At this point, Brom and his rough friends tease and abuse Ichabod as Katrina defends him. She moves Brom and his friends off stage and this is where Katrina and Ichabod dance and fall in love. Another schoolhouse scene comes here where the invitation from Katrina is given to Ichabod for a party at the family house.

The party celebration is the big scene where all the players get to show off and dance including the children. Katrina favors Ichabod and it makes Broms very angry. Broms sneaks away and puts a Jack O Lantern on his head and comes back to pretent that he is the Headless horseman and ends up abducting Katrina at the end of the party scene... and end of act 1.

The second and final act is quite simple. Ichabod frantically searches for Katrina and has a confrontation with Brom Bones and ends up with the victory... as Brom Bones is revealed under the pumpkin head and is banished from the county.

The final scene is the celebration and wedding of Ichabod and Katrina. Everyone gets into this part including the father of the bride who is quite old with white hair and a cane and of course falls a couple of times for laughs. The biggest laugh came when Ichabod beggs the parents for Katrina's hand and the father refused... the mother promptly stomped her foot just oncen and dad had an immediate change of heart!

So all in all, the ballet was very well done with sound effects and great music (all recorded). Music was quite good, sounding a bit classical in places and a bit more complex and modern in other places. I got the distinct impression that this ballet is going to be a regular annual event here in Birmingham... but that is just a guess.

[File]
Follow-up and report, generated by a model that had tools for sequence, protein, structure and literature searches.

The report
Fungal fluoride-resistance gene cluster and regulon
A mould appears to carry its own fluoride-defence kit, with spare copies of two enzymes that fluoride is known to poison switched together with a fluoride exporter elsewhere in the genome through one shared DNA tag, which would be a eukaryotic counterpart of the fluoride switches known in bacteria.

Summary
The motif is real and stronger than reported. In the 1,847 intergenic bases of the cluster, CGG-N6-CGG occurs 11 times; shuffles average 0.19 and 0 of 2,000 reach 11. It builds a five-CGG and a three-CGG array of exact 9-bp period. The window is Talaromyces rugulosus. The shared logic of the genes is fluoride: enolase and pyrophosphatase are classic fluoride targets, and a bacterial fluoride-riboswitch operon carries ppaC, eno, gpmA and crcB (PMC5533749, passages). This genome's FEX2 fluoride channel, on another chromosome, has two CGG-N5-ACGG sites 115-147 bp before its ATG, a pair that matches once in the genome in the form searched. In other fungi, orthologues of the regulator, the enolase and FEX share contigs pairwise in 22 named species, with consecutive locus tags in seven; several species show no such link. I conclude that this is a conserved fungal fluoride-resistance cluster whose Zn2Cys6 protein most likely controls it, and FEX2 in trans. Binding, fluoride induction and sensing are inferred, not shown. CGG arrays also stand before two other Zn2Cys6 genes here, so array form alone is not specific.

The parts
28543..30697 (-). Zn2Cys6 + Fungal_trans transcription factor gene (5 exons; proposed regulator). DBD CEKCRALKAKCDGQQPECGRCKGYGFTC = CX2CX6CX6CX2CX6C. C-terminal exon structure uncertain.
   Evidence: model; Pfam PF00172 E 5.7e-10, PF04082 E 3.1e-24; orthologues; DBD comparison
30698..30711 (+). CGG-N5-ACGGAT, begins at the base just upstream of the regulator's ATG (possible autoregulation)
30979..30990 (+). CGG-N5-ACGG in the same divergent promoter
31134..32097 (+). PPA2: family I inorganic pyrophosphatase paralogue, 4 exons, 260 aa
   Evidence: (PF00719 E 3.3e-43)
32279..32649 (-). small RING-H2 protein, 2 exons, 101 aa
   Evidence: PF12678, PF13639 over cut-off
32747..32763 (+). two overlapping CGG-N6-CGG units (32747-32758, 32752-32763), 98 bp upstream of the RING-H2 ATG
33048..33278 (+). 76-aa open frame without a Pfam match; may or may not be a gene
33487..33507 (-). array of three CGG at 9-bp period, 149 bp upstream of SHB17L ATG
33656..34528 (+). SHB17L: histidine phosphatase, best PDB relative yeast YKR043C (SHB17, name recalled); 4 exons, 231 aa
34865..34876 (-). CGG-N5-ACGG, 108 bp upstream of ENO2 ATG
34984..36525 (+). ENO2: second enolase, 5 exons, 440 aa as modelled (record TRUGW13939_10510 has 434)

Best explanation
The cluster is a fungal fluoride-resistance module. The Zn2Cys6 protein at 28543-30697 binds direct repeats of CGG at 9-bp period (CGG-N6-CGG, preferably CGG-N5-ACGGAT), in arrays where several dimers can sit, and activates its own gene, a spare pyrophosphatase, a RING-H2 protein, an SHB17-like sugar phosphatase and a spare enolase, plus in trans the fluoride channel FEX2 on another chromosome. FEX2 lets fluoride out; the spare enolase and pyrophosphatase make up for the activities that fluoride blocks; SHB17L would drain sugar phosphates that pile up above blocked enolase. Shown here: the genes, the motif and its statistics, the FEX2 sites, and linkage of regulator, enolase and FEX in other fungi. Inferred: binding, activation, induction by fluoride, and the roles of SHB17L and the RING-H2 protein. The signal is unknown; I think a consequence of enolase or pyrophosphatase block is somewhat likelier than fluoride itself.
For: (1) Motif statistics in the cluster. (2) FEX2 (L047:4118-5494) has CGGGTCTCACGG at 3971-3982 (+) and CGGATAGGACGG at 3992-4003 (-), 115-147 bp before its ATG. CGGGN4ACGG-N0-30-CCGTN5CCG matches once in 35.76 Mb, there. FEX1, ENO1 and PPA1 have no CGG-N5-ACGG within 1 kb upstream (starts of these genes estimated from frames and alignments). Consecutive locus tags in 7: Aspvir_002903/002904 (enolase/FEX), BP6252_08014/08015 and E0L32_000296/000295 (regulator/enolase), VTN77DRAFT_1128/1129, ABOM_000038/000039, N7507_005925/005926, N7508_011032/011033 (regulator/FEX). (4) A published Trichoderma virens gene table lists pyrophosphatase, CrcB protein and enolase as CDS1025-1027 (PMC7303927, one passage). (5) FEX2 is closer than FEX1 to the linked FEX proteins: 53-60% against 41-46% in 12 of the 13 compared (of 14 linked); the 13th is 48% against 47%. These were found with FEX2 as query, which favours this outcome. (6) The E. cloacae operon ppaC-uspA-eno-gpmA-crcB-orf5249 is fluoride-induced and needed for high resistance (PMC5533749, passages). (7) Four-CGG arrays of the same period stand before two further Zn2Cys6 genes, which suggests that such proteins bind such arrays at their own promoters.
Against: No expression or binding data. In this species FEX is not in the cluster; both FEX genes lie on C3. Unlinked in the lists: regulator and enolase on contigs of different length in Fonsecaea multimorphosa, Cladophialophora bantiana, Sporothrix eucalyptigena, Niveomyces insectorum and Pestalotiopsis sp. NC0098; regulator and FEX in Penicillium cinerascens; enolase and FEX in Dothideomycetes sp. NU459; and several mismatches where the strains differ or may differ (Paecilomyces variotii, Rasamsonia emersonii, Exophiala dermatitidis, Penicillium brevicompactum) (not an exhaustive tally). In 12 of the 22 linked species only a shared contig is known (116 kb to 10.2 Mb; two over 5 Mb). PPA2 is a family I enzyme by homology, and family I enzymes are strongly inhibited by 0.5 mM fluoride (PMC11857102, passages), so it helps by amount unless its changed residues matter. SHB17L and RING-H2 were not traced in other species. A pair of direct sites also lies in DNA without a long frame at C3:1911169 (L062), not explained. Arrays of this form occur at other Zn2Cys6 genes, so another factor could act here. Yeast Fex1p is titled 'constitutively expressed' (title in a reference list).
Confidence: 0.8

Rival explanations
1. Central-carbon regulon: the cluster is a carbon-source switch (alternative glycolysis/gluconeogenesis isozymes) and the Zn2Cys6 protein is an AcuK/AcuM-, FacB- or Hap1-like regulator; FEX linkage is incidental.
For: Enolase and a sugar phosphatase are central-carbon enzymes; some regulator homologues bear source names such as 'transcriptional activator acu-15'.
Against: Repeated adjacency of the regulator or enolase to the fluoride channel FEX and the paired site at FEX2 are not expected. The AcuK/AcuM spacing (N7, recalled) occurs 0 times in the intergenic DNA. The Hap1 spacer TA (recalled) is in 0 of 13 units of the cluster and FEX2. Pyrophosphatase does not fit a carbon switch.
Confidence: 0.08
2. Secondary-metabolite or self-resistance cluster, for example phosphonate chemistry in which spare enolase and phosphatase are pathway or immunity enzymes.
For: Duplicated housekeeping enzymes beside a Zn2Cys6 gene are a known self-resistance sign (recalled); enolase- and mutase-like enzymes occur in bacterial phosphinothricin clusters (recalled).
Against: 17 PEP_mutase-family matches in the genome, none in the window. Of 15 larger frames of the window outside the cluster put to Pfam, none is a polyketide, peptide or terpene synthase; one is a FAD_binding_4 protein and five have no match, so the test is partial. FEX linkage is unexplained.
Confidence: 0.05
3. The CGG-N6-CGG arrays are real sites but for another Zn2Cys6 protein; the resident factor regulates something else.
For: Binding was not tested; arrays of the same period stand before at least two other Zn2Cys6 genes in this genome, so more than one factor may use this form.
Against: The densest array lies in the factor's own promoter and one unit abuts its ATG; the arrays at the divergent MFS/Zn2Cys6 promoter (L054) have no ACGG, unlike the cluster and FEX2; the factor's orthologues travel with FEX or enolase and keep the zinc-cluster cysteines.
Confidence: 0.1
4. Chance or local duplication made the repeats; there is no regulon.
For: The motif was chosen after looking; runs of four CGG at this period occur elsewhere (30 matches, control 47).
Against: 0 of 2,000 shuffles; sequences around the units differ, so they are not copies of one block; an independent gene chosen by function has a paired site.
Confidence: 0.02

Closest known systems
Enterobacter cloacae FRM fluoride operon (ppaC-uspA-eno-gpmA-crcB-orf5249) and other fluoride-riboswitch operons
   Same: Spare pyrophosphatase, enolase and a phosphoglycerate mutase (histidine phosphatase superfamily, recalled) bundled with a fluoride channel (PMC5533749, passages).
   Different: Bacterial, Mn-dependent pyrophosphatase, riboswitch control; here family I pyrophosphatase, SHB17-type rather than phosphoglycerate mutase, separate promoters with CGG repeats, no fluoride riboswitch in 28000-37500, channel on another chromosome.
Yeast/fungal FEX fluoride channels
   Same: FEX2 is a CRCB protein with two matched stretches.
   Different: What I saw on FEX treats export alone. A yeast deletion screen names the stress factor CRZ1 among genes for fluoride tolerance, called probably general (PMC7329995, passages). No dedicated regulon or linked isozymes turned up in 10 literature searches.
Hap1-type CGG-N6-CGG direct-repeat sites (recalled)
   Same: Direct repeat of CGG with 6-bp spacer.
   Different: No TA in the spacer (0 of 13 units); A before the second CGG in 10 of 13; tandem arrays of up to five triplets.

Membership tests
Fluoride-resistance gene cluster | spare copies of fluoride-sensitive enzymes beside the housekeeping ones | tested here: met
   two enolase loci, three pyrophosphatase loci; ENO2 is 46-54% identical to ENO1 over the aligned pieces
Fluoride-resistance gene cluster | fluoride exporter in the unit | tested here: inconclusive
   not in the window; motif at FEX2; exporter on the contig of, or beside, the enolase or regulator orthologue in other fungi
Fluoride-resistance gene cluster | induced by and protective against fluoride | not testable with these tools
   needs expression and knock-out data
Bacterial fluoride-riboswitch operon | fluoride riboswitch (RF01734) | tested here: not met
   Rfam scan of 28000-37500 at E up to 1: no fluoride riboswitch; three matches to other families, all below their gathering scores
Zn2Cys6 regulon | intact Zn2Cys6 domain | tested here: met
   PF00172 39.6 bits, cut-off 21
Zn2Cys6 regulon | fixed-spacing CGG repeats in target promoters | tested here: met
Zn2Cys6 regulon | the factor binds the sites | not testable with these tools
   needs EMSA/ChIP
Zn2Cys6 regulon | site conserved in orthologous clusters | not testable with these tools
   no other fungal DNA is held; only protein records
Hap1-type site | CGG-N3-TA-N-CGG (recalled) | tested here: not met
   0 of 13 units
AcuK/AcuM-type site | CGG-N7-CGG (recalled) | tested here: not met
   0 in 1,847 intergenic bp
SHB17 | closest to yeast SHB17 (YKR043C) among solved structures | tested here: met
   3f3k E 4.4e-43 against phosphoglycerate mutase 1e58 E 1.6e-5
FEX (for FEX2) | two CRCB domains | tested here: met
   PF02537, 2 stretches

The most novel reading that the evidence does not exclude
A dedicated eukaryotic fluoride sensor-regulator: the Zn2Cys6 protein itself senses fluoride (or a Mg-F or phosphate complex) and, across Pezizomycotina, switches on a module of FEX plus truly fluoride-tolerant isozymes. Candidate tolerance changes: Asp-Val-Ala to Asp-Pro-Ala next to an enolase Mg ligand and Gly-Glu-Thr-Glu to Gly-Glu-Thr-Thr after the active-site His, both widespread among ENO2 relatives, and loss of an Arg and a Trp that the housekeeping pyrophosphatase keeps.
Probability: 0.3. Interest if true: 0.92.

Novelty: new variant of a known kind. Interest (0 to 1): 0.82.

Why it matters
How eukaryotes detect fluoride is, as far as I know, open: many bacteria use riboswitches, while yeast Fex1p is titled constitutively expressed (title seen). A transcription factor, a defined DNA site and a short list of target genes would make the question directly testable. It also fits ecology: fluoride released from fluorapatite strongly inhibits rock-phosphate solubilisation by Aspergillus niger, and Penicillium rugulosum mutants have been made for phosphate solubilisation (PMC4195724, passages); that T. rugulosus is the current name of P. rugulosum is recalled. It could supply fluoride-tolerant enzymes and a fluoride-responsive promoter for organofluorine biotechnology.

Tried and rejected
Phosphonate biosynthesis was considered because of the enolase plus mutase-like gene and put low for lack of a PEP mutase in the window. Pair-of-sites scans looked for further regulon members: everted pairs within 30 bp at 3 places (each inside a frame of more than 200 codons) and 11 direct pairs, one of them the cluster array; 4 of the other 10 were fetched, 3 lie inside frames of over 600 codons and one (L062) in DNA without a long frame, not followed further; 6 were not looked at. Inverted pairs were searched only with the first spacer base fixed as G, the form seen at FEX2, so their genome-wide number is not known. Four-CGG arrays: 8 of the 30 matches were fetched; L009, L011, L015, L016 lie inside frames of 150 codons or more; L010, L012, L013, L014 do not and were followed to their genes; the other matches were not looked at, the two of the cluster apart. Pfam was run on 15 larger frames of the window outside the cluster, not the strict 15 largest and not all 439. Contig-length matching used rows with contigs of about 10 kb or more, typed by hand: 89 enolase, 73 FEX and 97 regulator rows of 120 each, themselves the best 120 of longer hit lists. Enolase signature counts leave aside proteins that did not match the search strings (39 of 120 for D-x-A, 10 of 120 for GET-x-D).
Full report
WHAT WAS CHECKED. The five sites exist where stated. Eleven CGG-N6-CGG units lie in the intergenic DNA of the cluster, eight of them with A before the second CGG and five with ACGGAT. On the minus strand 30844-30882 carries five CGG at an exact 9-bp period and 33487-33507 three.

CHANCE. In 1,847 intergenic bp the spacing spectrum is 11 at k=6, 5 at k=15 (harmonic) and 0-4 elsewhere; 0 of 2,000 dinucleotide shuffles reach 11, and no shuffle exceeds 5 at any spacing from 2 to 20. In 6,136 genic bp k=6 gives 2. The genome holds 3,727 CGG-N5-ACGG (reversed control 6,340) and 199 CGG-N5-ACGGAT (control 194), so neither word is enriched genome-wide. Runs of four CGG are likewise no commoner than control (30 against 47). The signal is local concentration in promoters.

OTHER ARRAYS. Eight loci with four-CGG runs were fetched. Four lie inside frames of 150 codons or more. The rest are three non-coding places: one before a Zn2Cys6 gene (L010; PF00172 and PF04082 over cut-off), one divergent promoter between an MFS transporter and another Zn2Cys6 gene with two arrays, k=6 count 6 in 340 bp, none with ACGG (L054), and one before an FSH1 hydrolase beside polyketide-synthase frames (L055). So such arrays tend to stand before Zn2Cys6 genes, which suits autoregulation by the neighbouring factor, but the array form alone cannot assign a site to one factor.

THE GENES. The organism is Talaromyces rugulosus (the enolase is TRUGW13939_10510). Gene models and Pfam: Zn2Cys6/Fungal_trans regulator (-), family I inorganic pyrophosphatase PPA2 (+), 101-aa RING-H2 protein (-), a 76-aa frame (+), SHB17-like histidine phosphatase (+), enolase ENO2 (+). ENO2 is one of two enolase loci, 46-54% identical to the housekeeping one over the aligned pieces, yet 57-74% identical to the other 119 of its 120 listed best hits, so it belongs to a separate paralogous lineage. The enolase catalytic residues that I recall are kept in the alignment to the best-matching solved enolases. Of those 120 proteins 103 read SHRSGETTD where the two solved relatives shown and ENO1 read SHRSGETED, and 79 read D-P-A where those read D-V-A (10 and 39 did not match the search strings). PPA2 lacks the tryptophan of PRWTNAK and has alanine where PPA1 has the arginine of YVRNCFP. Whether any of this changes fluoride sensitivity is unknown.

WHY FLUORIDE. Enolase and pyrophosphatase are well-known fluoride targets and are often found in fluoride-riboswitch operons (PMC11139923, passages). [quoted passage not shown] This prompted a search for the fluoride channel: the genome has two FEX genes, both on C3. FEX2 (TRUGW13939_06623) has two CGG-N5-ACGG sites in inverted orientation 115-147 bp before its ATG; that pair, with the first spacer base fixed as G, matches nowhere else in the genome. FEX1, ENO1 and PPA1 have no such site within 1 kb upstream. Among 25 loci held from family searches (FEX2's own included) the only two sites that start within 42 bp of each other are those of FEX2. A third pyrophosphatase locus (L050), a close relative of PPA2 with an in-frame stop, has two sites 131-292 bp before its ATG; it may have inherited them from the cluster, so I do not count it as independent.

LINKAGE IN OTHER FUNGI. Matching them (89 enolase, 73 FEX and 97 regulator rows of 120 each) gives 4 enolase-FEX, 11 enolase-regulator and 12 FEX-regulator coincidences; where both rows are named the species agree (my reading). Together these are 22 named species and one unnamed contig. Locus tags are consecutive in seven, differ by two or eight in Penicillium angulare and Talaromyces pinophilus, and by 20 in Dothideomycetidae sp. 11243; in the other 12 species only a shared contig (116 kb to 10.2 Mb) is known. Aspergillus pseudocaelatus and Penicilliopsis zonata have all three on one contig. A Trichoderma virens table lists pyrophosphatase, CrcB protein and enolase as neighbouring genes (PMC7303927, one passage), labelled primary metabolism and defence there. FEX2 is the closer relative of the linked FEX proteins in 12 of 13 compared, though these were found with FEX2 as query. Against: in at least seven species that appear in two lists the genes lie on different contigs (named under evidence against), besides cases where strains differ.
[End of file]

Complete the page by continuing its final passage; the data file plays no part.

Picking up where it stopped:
It definitely was a FAMILY ballet, designed to please even the youngest kids in the audience... it was a fast moving 2 hours and had a lot in it for everyone. It seemed to be a great hit. The ballet production and the ballet company were both quite impressive as they carried the whole thing off without any obvious errors. It was a great time, hope you all get a chance to see it someday. I think it is good enough to be a standard thing for holloween... but only time will tell if anyone else will actually pick up on it.

#2 Mel Johnson

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Posted 29 October 2002 - 04:50 AM

Sounds good, Ronny! And the reguggling of the original story is right in there with the nineteenth-century practice of rearranging things to make the most opportunity for dancing. :)

Now, someday you can come up to the village of Sleepy Hollow (formerly North Tarrytown), visit the cemetery(!), and cross over the modern high road bridge that crosses the millstream!

#3 vagansmom

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Posted 29 October 2002 - 11:13 AM

How I wish my classroom of 5th graders could see that ballet! The last two years, we've read The Legend of Sleepy Hollow during October. The children read Will Moses's version which is adapted for kids their age but on Halloween we listen to the original. We then compare and contrast the two versions. It would be great if they could also see a ballet based on the legend.

#4 ronny

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Posted 30 October 2002 - 06:30 AM

Vagansmom... perhaps you can make it happen in your area. Let your regional ballet companies know about it and you can refer them to "ballet alert" to read about it.

I have an extra copy of the program so if you want the extra copy, let me know. It is a wonderful ballet for kids and the title should bring in the paying customers at the holloween season to help your local ballet company, so everyone can win. The music and sound effects were recorded so maybe all that can be worked out in collaboration with the Alabama Ballet Company. They are a great group of people... why not give them a "hollar"!:) Alabama folks are quite friendly and helpful.